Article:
ET-94 is towed through Los Angeles on May 21, 2016.

ET-94 is towed through Los Angeles on May 21, 2016.

ET-94 comes into port in Marina del Rey in Los Angeles

ET-94 is towed through Los Angeles on May 21, 2016.

This activity is related to a Teachable Moment from May 18, 2016. See "Navigating LA with 65,000 Pounds of NASA Space Shuttle History."

› Explore more on the Teachable Moments Blog


It's no easy task assembling the only complete stack of NASA Space Shuttle Program flight hardware in existence. Especially when it means navigating a behemoth external fuel tank through the streets of Los Angeles! But that's what the California Science Center has done and it presented a unique set of navigational challenges. 

In this activity, students apply their math problem-solving skills to a real-world challenge with a unique NASA connection. While considering the challenges encountered in moving a giant fuel tank through the streets of Los Angeles, younger students can practice their number sense skills and older students can solve problems using formulas – plus use mapping technology to help the external fuel tank find its way to the California Science Center.



  • The worksheet is broken into two parts, one for elementary school students and one for middle and high school students. Some younger students will be able to answer the more difficult problems so consider assigning them as bonus questions.

  • Students can work individually or in pairs to solve the problems on the student worksheet.

  • Calculators are optional but can simplify the calculations.

  • Google Maps, MapMyRun, VeloRoutes and other similar mapping programs allow a user to create a map and measure distance merely by clicking (or right-clicking, in the case of Google Maps) on waypoints, or markers. Allow students to use their favorite method and capture a screenshot of their work.

  • Use mapping technology to show a "street view" for discussion and help students gain an understanding of the scale of the external tank relative to surrounding buildings. (The tank lying on its side plus the transporter will be about three stories tall.)


On May 21, 2016, the last-existing, flight-qualified external fuel tank for NASA's Space Shuttle Program made a 16.5-mile crawl through the streets of Los Angeles to its new home at the California Science Center. The nearly 154-foot long, more than 65,000-pound behemoth dubbed ET-94, was towed from the port in Marina del Rey (where it arrived after another epic voyage) to the science center. Eventually, it will be displayed with the space shuttle Endeavour and two solid rocket boosters in launch configuration – looking like it's ready to blast into space.

How They Did It

The route map through Los Angeles for NASA's space shuttle external fuel tank ET-94
This map shows the 16.5-mile route ET-94 took through Los Angeles to arrive at the California Science Center. Image credit: NASA/JPL-Caltech
› Larger image | › Interactive Google Map

Transporting a large object such as the external tank is no small job. Shuttle external tanks were routinely transferred from their manufacture and assembly point at NASA's Michoud Assembly Facility in New Orleans to the Kennedy Space Center in Florida by way of barge. However, the trip to California is a bit more involved.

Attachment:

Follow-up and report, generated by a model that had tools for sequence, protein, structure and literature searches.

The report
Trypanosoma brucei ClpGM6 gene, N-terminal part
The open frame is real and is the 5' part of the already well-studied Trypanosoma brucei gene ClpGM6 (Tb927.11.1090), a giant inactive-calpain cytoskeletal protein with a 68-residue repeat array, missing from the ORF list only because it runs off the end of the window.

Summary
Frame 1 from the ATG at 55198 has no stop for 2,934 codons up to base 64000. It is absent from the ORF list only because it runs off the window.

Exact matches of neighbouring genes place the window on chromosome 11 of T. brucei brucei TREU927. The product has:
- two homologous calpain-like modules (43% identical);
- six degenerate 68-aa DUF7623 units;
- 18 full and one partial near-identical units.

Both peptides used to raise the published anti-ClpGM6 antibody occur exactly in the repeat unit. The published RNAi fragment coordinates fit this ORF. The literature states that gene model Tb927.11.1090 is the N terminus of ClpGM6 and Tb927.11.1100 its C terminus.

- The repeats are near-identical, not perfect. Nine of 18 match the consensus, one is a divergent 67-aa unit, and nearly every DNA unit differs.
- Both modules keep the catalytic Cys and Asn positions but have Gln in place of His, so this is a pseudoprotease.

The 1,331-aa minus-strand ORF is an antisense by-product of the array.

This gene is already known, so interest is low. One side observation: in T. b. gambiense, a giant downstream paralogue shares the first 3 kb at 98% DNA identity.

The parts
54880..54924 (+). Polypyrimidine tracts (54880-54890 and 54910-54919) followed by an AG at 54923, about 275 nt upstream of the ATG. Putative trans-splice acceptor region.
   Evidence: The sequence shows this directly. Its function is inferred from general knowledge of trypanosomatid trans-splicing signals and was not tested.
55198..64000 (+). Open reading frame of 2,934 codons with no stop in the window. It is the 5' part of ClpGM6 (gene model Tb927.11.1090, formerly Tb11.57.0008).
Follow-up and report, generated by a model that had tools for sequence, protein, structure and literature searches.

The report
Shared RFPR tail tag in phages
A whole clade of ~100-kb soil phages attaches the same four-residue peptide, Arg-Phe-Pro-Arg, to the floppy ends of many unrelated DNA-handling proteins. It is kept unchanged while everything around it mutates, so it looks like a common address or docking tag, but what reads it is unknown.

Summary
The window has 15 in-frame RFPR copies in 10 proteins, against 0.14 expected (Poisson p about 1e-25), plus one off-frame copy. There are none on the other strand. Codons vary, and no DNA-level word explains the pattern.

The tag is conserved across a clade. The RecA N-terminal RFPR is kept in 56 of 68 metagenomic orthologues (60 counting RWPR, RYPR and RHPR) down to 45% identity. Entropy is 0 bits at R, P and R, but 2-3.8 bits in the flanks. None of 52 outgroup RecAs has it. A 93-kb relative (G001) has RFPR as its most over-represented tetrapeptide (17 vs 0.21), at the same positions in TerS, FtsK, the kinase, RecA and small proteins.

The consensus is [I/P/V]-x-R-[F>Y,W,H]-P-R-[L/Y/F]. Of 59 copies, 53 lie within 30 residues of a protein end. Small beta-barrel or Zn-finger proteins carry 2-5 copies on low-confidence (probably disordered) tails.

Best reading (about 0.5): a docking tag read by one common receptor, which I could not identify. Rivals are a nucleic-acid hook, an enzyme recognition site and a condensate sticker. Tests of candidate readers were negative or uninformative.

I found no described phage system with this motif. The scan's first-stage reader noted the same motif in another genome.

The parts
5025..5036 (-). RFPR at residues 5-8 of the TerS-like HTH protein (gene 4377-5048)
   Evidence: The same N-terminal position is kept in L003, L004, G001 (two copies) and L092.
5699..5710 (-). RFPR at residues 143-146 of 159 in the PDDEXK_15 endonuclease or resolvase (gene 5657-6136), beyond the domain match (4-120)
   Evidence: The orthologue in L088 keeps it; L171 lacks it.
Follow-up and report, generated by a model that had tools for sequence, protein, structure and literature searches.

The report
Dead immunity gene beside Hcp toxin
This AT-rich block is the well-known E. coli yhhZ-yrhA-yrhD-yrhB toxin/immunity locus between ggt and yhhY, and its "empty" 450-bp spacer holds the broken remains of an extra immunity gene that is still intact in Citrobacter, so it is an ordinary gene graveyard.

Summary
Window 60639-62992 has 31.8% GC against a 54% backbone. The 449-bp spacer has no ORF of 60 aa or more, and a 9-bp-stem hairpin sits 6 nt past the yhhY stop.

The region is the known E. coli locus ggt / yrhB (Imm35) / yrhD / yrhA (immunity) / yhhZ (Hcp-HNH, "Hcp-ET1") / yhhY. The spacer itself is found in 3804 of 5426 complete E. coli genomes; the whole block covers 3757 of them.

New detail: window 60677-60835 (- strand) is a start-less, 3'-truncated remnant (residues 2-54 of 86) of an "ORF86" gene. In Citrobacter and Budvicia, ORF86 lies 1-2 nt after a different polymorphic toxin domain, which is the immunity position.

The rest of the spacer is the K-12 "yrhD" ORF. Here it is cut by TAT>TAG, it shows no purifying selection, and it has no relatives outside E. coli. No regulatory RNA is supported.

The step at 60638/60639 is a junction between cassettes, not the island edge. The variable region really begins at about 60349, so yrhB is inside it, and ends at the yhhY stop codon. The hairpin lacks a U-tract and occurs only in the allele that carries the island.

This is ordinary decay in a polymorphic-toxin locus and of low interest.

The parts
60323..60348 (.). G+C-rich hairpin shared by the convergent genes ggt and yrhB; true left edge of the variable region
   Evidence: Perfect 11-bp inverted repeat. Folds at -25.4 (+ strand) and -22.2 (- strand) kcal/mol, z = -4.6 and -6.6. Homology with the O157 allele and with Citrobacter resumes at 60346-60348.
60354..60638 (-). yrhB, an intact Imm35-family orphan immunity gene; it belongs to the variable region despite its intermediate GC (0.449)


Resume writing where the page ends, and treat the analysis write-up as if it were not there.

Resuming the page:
In April, ET-94 boarded a barge as usual, but this time traveled west, through the Panama Canal to Marina del Rey in Los Angeles. On May 18, the tank arrived, and three days later, was towed through the streets of Los Angeles – streets that were not designed to accommodate a giant rocket fuel tank!

› Watch the full route from New Orleans to Los Angeles taken by the shuttle's external tank

Los Angeles has some experience with this sort of challenge as the space shuttle orbiter Endeavour traveled a similar route from Los Angeles International Airport to the California Science Center in October 2012. Though Endeavour is wider, taller and heavier, ET-94 is longer. Resting on its side, the tank is half the length of a football field. So it presented a different set of navigational challenges – which, coincidentally, make for some great math problems.

As does this bit of external fuel tank history ...

A Slice of History

Most people will recognize the external tank as the giant orange structure that was attached to the shuttle to supply fuel to the shuttle's main engines during liftoff. Space shuttle external tanks carried freezing cold liquid hydrogen and liquid oxygen and were the only non-reusable part of what was called the Space Transportation System, or STS. But the tanks weren't always orange.

NASA's Endeavour STS-134 on launch pad at Kennedy Space Flight Center.
NASA's Endeavour STS-134 on launch pad at Kennedy Space Flight Center in Florida. The orange structure behind the shuttle is an external fuel tank. Image credit: NASA

During the first shuttle missions, engineers were worried that the sun's ultraviolet radiation might damage the insulating foam, so the tanks were painted white. Because the white latex paint had to cover such a large surface area, it added a whopping 600 pounds to the already hefty tanks, which in their earliest iteration were called standard-weight tanks, or SWTs, and made of aluminum alloy 2219 welded via tungsten arc welding and coated with an inch-thick layer of polyisocyanurate foam. They weighed 77,086 empty and fuel added an extra 1,589,577 pounds!